In many ways, the creatures in both The Shape of Water and Creature From the Black Lagoon are quite alike—quasi-fish, somewhat man; it’s as if del Toro is updating or extending the original fable. Known for his dedication to pristine visual effects, del Toro took three years to perfect the design of his creature. Acted by longtime collaborator, Doug Jones, the creature is a tad grotesque, but, at the same time, endearing and, dare I say, beautiful. His iridescent scales and flesh shimmer with flashes of rich blues and yellows, which leads me to an important note: the colors in this film are the best I’ve seen in years. Stunning and vivid, they’re perhaps most noticeable when stripped away. Partway through the film, Elisa and the creature are caught up in a daydream that plays out in black and white. Adorned in a flowing white gown, she and the creature dance to the tune of a full classical orchestra. Echoes of Fred Astaire and Gene Kelly movies can be felt in this moment. The scene has such a timeless quality. It’s unorthodox—what with a dancing fish-man and all—but it’s so full of respect and admiration for old-time cinema, that it truly feels like it came from another era.

The film’s musical score is an instant classic. There’s such a strong French influence on the music that it’s easy to forget the film is set in America. The French composer Alexandre Desplat won an Oscar for his work on the film. In fact, The Shape of Water was the most nominated film at the Academy Awards this year, with a whoopping seven nominations, and came home with three wins—best picture, best director, and best production design. Along with the film being a favorite among voters and critics this year, it was a personal favorite of mine. It renewed my faith in movies, reminding me of their magic and of what they can achieve where other art forms fall short. When story, imagery, acting, and sound are so flawlessly married, true wonders occur before our eyes.

The Shape of Water is a metaphor for love and beauty in life. Love and beauty can take many shapes and forms. They’re pliable and quenching, they give us life, and when we are swept up in them, we float weightlessly. Through a unique band of outcasts—of strangers in a strange land, we see ourselves reflected back. Every character seems to be longing for something more in life, unable to find their place (until some of them do). This film is a fairytale for troubled times, and the love and beauty found within it suggests an antidote.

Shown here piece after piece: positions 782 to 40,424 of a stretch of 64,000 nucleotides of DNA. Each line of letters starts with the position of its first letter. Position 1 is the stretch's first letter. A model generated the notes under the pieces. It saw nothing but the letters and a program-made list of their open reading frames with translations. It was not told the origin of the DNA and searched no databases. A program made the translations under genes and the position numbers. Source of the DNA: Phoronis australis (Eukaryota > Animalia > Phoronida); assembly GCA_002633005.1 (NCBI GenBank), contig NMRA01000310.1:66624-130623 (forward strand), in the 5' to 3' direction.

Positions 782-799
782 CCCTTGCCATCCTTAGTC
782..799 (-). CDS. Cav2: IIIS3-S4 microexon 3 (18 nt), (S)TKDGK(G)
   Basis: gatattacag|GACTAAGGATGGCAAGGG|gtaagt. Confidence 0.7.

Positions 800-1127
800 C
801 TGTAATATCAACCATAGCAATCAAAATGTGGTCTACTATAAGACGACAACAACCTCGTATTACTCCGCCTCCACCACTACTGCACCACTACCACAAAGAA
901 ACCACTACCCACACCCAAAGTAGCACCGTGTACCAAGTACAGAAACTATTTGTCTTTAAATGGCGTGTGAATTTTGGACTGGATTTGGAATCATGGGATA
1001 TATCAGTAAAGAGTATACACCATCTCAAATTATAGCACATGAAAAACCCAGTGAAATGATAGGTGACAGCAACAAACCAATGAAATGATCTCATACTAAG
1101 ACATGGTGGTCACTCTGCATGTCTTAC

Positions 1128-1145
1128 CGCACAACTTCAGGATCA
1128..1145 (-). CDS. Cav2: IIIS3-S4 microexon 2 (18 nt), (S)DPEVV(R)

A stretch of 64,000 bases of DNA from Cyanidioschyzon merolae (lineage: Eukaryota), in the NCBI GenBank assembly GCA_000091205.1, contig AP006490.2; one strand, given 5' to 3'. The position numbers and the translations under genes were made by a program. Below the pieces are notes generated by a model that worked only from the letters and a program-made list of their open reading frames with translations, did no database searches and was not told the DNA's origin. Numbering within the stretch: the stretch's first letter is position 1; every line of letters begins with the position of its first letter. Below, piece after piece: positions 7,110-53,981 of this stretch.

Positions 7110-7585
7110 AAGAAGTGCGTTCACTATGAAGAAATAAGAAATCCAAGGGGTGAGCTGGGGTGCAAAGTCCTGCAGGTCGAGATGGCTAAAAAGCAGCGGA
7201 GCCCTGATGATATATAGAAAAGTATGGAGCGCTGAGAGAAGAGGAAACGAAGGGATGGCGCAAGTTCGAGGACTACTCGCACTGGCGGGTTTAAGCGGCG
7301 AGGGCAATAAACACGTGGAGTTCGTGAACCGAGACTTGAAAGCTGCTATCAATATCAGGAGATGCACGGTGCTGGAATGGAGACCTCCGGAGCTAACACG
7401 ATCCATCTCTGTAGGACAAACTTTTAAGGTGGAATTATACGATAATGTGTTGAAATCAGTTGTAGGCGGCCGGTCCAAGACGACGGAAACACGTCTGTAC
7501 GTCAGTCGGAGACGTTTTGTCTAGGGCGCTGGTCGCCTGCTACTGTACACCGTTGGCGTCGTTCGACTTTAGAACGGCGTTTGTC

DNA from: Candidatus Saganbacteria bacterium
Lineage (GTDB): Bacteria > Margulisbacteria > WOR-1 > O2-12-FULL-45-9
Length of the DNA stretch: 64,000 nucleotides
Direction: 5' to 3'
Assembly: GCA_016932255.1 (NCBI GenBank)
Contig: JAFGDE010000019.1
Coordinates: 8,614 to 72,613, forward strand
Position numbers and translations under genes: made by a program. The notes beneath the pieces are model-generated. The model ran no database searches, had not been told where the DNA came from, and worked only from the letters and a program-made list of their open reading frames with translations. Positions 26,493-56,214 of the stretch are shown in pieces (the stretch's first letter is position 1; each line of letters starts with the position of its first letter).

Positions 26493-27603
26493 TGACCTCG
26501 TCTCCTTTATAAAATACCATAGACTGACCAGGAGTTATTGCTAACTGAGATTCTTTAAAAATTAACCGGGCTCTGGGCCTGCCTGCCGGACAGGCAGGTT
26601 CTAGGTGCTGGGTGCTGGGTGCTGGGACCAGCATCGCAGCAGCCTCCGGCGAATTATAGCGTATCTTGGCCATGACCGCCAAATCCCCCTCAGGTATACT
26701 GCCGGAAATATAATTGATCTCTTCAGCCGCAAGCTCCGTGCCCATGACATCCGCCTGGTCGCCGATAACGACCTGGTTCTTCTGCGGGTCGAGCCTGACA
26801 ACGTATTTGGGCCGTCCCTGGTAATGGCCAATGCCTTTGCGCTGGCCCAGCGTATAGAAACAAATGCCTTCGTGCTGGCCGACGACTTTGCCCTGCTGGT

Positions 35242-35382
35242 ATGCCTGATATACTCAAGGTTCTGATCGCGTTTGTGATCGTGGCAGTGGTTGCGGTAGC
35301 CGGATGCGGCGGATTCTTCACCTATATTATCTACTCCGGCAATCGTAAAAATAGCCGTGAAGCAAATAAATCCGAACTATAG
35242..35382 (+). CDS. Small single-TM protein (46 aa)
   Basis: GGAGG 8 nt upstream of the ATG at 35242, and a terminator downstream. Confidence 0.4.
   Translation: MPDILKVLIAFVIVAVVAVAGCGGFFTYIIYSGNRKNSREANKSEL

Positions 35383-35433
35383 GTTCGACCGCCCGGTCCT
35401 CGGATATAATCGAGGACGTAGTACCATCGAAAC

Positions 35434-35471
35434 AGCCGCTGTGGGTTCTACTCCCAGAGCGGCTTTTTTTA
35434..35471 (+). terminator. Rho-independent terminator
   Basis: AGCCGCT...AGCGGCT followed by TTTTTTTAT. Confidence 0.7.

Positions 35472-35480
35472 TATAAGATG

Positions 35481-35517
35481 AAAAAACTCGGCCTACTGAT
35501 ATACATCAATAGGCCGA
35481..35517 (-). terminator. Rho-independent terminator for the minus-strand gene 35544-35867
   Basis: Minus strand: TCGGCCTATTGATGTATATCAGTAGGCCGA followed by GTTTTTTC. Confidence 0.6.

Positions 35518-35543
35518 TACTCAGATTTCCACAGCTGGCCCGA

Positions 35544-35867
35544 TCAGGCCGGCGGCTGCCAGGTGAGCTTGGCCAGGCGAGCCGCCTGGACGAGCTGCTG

Tom Yoannidis’s critical review “Love and Beauty are the Shape of Water” & his script Summerlong won first prize in the Sixth Annual School of Visual Arts Writing Contest. Tom’s short story “Suicide House” won second prize in the Fifth Annual School of Visual Arts Writing Program Contest, and his script “Runaway” also won second prize in the Fifth Annual School of Visual Arts Writing Program Contest. He has written reviews for The Match Factory on Safe (directed by Todd Haynes in 1995), Mulholland Drive (directed by David Lynch in 2001) and Paris, Texas (directed by Wim Wenders in 1984). Tom was born in Melbourne, Australia in 1990. Raised by a wild/artistic mother (model/private pilot/photographer) and an adventurous father (commercial pilot), he moved to New York on a whim in 2012 to study acting, and graduated from the Maggie Flanigan Studio in late 2014. He then moved to Toronto to work as an art director/art director’s assistant on TV commercials before returning to study Film at SVA. Tom is a hopeful director/writer in the making and an impulsive watcher of 70s cinema.

Judges Billy Altman & Regina Weinreich had this to say about Yoannidis’s prize-winning entry: “‘Love and Beauty are the Shape of Water’ neatly displays one of the basic tenets of good criticism: an informed opinion. The author communicates an understanding of the overall subject matter, as well as his own personal response to the work at hand, and does so in a confident, relaxed style. The essay is well-written, sophisticated, and expresses enthusiasm for both the subject and writing itself.”